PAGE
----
One of the things that most upset Real Madrid about the years of Barcelona domination under Pep Guardiola was the way the world fell in love with how Barça played the game.
All those summers spent buying the prettiest boys in the business from David Beckham through to Crisitano Ronaldo, and then along come Barcelona with their band of 5ft 6in midfielders to seduce everyone.
Wayne Rooney tweeting about rising from his living room sofa to give Barça a one-man standing ovation after they had won one Clasico 5-0 in 2010 was the perfect example of the way they were being received.
Even when Jose Mourinho came along and interrupted Barcelona’s domination by winning the Copa del Rey and La Liga it still riled the Madrid purists that their football did not make anyone swoon. The lightning counter-attacks were admirable but not the stuff of fantasy.
When Carlo Ancelotti arrived his mission was two-fold: win the club’s 10th European Cup; and deliver the brand of football that had put Barcelona and the Spain team on top of the world.
Last Saturday as Real beat Levante 5-0 it looked as though, having already achieved the first of those aims last season, he might be very close to the second. There was something very distinctive about both the performance and the personnel with a diminutive quartet of Isco, James Rodriguez, Luka Modric and Toni Kroos flooding the middle ground with short, sharp pass-and-move football that saw Kroos complete 82 of his 84 passes and Luka Modric 71 of his 73.
It was not just the midfield. Mourinho’s preference for full-backs who can first and foremost defend has given way to Dani Carvajal and Marcelo who are both better going forward than they are defensively.
Real have started to resemble Barcelona to the point where they struggle to defend corners. “We are not the tallest,” admitted Ancelotti last week when asked about a problem that reached crisis point earlier in the season when half the goals the team had conceded had come from set-plays.
It is more of a makeover than a complete transformation because Ronaldo is still Ronaldo. His 15 league goals in seven games give him a better ratio than most teams in Europe. He failed to score in five visits to Anfield as a Manchester United player and Real are yet to get off the mark in three meetings with Liverpool in Europe but those records will merely serve as a red rag to Madrid’s raging bull.
But it is what lines up behind Ronaldo that seems to be slowly changing in Ancelotti’s team. At Anfield he is expected to repeat that midfield foursome that played at the weekend after Gareth Bale remained in Madrid for intensive treatment on a gluteal strain.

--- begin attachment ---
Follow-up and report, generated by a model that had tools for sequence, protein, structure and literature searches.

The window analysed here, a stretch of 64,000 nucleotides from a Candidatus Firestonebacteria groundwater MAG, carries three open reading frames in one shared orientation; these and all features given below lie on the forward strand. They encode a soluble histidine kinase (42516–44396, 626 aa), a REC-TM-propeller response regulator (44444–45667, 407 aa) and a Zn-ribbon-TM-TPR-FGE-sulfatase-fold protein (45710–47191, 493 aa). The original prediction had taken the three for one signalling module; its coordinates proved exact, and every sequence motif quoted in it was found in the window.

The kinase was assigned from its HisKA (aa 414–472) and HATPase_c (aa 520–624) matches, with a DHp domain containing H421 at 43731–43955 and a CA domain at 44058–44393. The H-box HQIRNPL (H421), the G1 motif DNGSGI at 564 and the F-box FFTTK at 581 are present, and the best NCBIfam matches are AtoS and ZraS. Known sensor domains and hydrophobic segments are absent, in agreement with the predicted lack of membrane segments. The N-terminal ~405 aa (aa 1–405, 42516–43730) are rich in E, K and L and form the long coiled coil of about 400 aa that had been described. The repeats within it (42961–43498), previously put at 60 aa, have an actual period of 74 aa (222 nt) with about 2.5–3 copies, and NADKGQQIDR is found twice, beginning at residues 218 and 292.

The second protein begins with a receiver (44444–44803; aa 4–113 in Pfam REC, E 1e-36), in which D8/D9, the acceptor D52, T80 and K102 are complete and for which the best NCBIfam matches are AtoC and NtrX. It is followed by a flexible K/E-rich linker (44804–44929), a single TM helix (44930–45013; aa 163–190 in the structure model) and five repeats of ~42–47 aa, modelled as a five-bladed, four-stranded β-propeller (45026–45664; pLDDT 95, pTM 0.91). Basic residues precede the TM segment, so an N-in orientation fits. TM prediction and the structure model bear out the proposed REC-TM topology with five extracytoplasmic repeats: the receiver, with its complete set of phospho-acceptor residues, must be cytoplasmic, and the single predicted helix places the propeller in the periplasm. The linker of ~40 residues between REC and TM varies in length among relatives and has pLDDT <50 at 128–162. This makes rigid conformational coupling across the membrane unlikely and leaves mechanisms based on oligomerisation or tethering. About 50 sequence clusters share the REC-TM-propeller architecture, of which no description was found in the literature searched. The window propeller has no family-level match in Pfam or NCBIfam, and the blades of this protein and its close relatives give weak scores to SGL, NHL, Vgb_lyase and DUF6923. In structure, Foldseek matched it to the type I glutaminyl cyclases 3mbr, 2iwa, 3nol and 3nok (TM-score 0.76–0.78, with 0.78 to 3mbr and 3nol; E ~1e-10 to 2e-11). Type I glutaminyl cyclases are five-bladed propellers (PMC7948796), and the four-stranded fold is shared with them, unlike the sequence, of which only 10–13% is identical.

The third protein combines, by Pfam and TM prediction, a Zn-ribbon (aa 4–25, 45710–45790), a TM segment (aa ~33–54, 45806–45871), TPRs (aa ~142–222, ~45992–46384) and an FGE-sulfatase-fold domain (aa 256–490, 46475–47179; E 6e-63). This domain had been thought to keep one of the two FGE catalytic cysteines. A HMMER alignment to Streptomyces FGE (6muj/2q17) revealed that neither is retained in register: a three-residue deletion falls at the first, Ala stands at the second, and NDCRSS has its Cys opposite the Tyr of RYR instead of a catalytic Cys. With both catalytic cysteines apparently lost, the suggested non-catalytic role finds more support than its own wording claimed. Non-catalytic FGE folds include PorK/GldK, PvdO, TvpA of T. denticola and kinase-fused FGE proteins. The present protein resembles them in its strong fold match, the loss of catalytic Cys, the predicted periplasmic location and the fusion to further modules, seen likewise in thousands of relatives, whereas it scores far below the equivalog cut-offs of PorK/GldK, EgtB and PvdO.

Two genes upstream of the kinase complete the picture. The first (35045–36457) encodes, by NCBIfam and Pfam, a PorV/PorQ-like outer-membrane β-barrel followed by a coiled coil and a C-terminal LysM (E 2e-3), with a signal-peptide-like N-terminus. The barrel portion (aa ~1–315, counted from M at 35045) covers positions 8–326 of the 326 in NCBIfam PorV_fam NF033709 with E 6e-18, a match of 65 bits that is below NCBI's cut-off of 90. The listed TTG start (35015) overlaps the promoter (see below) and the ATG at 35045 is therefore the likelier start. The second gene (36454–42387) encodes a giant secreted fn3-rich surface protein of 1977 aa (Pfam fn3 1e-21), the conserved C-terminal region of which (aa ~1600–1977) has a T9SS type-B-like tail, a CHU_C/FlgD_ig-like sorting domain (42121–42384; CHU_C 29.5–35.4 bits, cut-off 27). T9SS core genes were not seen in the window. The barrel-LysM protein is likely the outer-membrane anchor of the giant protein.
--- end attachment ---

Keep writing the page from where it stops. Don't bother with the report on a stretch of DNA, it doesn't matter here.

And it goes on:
Back specialist Ricardo Garcia Oviedo said that the injury could be related to a herniated spinal disc discovered during Bale’s Real medical last year. “A player can strain other areas in the lumbar region in an attempt to over compensate for the hernia,” he told Diario AS.
Bale’s need for rest having played 1,319 minutes already this season enables Ancelotti to go on picking the passers – “what we have lost in gallop, we’ve gained in control” was Marca’s take on the consequences.
When Ancelotti joined the club at the start of last season his mandate to change the team’s playing style came hand in hand with the signing of Bale. It was hardly a squad addition that encouraged greater use of the short passing game. Xabi Alonso’s ability to play accurate 40-yard cross-field passes out of defence and Angel Di Maria’s stamina also leant themselves more to a continuation of Mourinho’s highly-effective counter-attacking football. Yet now with Alonso and Di Maria replaced by Kroos and Rodriguez, Real can still have the lightning break in their armoury but it makes far less sense to rely on it.
Isco replacing Bale, albeit as part of an enforced change, reinforces that. Various Premier League clubs looked at the Spain Under-21 midfielder when he was a youngster at Valencia and then a star at Malaga but most concluded that his short stride would carry him too slowly around English pitches where midfielders need to cover every square of green. On Saturday he looked very much at home alongside like-minded and similarly short of stature team-mates.
Real’s victims at the weekend, Levante, have yet to score at home and have just sacked their coach. As with many bottom-half La Liga teams they provided Madrid with little opposition, and Liverpool – in spite of all their current shortcomings – will offer far more of a threat.
It will be a test for the European Champions. This team looks easier on the eye than the side that won the league under Mourinho and the Champions League last season. Can they be just as ruthlessly effective?
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